Another buzzword that is used interchangeably with data conversion is data migration. Experts invariably will tell you that data conversion is a subset of data migration. Data migration includes these extra items: data profiling, data cleansing, data exception mitigation and validating the application to make sure it works with the converted data.

In short, though, data migration and data conversion are the transfer of data between computer systems, also known as programs. It is usually performed via programming to achieve an automated migration and avoid the tedious task of entering everything manually. The programmer will map all the individual fields from the old system to the new system. It requires someone with years of training and experience and has been described as detective work.

A programmer must go into another database structure and figure out where things are stored and how they are stored before bringing them into the new system. A good analogy is going into an old house that has been rewired multiple times while never taking out the old wiring. Some programs have poor structures in the background unknown to the end-user.

So here’s the deal: you are not a programmer. You are a really good chiropractor who just wants to help improve the lives of those you serve. Furthermore, you don’t want to waste your staff’s time entering everything into the system to do a manual conversion of data once you have purchased new software.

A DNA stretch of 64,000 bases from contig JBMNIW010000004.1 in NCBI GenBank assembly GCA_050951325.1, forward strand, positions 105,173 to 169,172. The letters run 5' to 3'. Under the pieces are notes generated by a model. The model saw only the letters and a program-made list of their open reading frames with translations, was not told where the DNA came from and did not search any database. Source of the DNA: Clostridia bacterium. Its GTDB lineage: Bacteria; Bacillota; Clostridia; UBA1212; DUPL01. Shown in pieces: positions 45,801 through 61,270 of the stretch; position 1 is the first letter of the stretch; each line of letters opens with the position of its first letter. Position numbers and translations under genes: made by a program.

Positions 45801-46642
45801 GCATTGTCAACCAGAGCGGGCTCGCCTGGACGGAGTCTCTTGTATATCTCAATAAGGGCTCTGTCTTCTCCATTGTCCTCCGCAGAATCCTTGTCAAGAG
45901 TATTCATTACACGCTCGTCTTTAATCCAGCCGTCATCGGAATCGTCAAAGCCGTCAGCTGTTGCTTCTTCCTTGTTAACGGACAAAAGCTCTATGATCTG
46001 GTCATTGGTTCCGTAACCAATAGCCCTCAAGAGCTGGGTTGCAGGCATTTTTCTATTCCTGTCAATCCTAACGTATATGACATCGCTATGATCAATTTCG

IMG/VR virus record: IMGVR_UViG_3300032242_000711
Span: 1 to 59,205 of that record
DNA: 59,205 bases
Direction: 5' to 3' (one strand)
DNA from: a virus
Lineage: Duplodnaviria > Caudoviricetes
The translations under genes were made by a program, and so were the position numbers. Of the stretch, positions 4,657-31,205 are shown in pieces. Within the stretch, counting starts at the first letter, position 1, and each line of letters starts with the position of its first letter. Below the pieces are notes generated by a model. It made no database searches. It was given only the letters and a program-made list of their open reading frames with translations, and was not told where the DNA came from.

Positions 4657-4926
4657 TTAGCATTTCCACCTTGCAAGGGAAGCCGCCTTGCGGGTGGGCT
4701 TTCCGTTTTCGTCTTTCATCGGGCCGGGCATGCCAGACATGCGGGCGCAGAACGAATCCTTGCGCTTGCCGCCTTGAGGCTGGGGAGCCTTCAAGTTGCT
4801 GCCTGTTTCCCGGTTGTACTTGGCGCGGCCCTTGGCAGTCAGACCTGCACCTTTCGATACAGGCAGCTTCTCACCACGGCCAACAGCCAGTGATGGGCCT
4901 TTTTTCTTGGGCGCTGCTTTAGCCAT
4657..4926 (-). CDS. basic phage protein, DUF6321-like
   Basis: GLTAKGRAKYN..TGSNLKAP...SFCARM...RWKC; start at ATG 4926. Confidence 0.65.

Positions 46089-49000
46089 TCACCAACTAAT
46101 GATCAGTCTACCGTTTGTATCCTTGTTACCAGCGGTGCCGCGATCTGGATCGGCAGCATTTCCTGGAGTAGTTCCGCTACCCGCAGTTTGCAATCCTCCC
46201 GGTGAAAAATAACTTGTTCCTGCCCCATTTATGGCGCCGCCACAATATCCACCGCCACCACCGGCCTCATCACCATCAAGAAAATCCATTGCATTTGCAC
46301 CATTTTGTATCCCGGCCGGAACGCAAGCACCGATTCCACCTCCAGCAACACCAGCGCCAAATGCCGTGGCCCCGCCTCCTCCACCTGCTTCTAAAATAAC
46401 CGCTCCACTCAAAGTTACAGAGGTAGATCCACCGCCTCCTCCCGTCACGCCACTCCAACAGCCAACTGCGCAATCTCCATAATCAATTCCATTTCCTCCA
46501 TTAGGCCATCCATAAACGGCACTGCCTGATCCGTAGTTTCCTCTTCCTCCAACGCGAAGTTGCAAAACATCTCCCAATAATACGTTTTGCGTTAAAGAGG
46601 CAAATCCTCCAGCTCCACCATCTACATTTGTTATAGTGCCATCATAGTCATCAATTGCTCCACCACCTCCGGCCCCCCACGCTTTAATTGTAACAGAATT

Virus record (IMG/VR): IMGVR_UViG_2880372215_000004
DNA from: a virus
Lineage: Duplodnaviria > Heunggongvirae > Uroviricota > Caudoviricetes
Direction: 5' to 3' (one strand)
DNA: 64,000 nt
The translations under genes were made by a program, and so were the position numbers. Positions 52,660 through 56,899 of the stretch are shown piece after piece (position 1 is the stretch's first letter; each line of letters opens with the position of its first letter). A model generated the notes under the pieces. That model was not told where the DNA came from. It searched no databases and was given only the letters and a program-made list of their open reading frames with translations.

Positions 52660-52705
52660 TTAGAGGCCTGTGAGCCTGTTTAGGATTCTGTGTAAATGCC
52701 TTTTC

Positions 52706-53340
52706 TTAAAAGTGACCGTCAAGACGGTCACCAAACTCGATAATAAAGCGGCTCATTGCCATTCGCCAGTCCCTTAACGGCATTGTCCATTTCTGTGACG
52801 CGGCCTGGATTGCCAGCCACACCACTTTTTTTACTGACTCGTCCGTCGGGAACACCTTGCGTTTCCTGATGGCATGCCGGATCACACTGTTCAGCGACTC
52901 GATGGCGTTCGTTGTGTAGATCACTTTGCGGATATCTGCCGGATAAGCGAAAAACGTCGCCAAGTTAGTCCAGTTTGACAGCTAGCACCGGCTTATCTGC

And so, many offices wind up settling for second best simply because they are afraid to change or disrupt the office.

What options are out there, and what should you do?

1. Search for a software company that will provide you with a data conversion for your current system. Is that possible, and do companies provide that type of service, you wonder? From experience I can tell you that very few companies provide a data conversion and if they do it is usually very limited.

2. If a conversion is available, ask them in advance what to expect from the conversion. If they haven’t previously converted your system, it will require a larger investment in time on their part, and your co-operation. You won’t know how much information is going to be converted until you receive the final result. Since you’re treading into the unknown, ask for previous conversion referrals!